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Mikel Arteta has admitted Arsenal must target a return to the Champions League or run the risk of falling further behind the Premier League‘s top four.

The Gunners resume their top-flight campaign at Manchester City on Wednesday night languishing in ninth place in the table, eight points behind fourth-placed Chelsea.

And while Arteta acknowledged it may take time to climb the table, he believes it is essential in order to fulfil the ambitions of both himself and the club.

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Arteta said: “The fact we haven’t got into Europe (the Champions League) has put enormous pressure on the club in financial terms.

“We know what our responsibility is at the end and how much that will relax the financial position that we’re in, but we have to go game by game.

“We know the target and we know the difficulty of it it because there are a lot of clubs involved in the fight. But we have to give it a go and believe that we can do it.

“We haven’t been able to achieve the goals we want in the last three years. There’s a reason behind it and if we stand still, obviously, that gap will be getting bigger and I haven’t come here to accept or do that.”

Key to the Gunners’ recovery is an improvement to a dismal away record which has seen them fail to overcome any of their major rivals since a 2-0 win over City at the Etihad Stadium five and a half years ago, in what was coincidentally Arteta’s final season as a player.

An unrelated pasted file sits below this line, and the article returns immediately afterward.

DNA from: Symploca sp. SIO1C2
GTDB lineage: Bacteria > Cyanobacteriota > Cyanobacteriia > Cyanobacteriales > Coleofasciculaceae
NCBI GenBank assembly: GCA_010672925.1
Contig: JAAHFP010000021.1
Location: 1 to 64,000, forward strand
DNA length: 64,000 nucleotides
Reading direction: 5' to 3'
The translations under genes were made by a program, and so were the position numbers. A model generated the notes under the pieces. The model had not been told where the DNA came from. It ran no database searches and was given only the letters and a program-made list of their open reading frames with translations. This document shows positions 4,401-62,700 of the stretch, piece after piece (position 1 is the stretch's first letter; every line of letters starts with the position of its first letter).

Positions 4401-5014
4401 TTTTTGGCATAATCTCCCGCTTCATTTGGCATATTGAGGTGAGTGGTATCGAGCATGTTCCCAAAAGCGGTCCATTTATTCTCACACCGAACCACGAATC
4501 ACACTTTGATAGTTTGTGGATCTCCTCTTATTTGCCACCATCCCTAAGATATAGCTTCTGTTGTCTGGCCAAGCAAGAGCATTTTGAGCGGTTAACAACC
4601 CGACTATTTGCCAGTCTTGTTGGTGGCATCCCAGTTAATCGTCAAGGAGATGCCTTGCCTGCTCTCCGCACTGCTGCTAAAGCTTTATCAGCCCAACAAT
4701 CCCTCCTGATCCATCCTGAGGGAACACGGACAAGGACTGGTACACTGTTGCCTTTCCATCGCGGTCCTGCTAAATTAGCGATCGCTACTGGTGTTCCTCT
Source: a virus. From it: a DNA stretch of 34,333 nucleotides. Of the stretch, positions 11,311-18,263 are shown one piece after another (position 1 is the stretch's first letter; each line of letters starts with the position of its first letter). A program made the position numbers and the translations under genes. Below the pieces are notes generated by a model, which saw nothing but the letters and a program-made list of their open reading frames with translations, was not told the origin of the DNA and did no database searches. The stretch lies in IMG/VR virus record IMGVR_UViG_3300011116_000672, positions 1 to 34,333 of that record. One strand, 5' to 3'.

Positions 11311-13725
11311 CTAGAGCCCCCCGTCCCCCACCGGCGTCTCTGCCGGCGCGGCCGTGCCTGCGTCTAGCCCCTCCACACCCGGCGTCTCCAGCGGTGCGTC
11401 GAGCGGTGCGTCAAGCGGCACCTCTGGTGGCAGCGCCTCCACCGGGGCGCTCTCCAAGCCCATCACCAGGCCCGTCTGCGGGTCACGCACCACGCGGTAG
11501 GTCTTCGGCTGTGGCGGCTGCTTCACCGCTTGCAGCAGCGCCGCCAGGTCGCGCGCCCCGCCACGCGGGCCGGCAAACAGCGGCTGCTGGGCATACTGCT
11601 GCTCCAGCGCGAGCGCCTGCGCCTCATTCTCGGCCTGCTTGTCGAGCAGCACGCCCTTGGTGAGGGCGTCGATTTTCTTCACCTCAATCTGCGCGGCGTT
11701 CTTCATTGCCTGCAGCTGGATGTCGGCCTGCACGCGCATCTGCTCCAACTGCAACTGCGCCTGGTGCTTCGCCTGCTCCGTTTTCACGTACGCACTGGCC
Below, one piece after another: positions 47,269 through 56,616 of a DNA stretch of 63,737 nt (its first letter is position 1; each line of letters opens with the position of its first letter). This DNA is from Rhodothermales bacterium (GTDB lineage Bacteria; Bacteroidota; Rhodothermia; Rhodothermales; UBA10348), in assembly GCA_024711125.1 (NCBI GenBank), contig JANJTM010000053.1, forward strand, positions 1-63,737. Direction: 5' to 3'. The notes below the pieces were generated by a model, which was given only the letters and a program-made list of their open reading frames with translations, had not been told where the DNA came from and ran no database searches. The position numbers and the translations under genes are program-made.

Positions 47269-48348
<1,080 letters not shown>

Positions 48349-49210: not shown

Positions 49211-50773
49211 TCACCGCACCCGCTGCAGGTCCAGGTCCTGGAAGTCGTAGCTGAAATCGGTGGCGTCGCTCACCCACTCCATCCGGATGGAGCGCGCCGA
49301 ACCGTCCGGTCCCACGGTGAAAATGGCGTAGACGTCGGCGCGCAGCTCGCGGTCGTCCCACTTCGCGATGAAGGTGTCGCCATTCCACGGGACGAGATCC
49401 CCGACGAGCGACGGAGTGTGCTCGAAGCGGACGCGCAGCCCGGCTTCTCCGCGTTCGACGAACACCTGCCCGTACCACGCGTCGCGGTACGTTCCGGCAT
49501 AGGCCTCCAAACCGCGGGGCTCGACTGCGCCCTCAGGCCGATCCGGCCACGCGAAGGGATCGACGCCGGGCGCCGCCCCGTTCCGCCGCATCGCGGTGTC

Draws at Old Trafford and Everton this season have hinted at a potential change for the better but Arteta knows further success – starting at the behind-closed-doors Etihad on Wednesday – is imperative to breaching that gap back to the top four.

Arteta added: “We know how difficult it is to win away in the Premier League against any opponent and against the top six.

“But a club like Arsenal cannot be that long without winning if you want to compete with the big four, five or six teams in this country.

“We have to change that straight away, feel comfortable being away in the ground just to win an that should be the mentality.

“That is the way we will travel to Manchester, knowing how difficult the opponent is, how good they are, but focusing on what we can do and what we can control.”

Arsenal’s return comes three months after Arteta became one of the first big name football figures in Britain to announce he had tested positive for coronavirus, leading to the postponement of the Gunners’ game against Brighton, and ultimately to the season shutdown.

And Arteta recalled the moment he decided to announce that he had the illness, effectively sparking a chain of events which would lead to clubs ordering their stars to stay at home and follow the increasingly strict government guidance.

“I thought about the night I started to have some symptoms, how serious that was,” said Arteta. “It was a matter that I could not make a decision, it had to be reported because I could put at risk a lot of people.

“I wasn’t willing to do that. I love this game but we have bigger responsibilities. I think we made the right call and the right decision, and you have to say the authorities and the Premier League did as well.”


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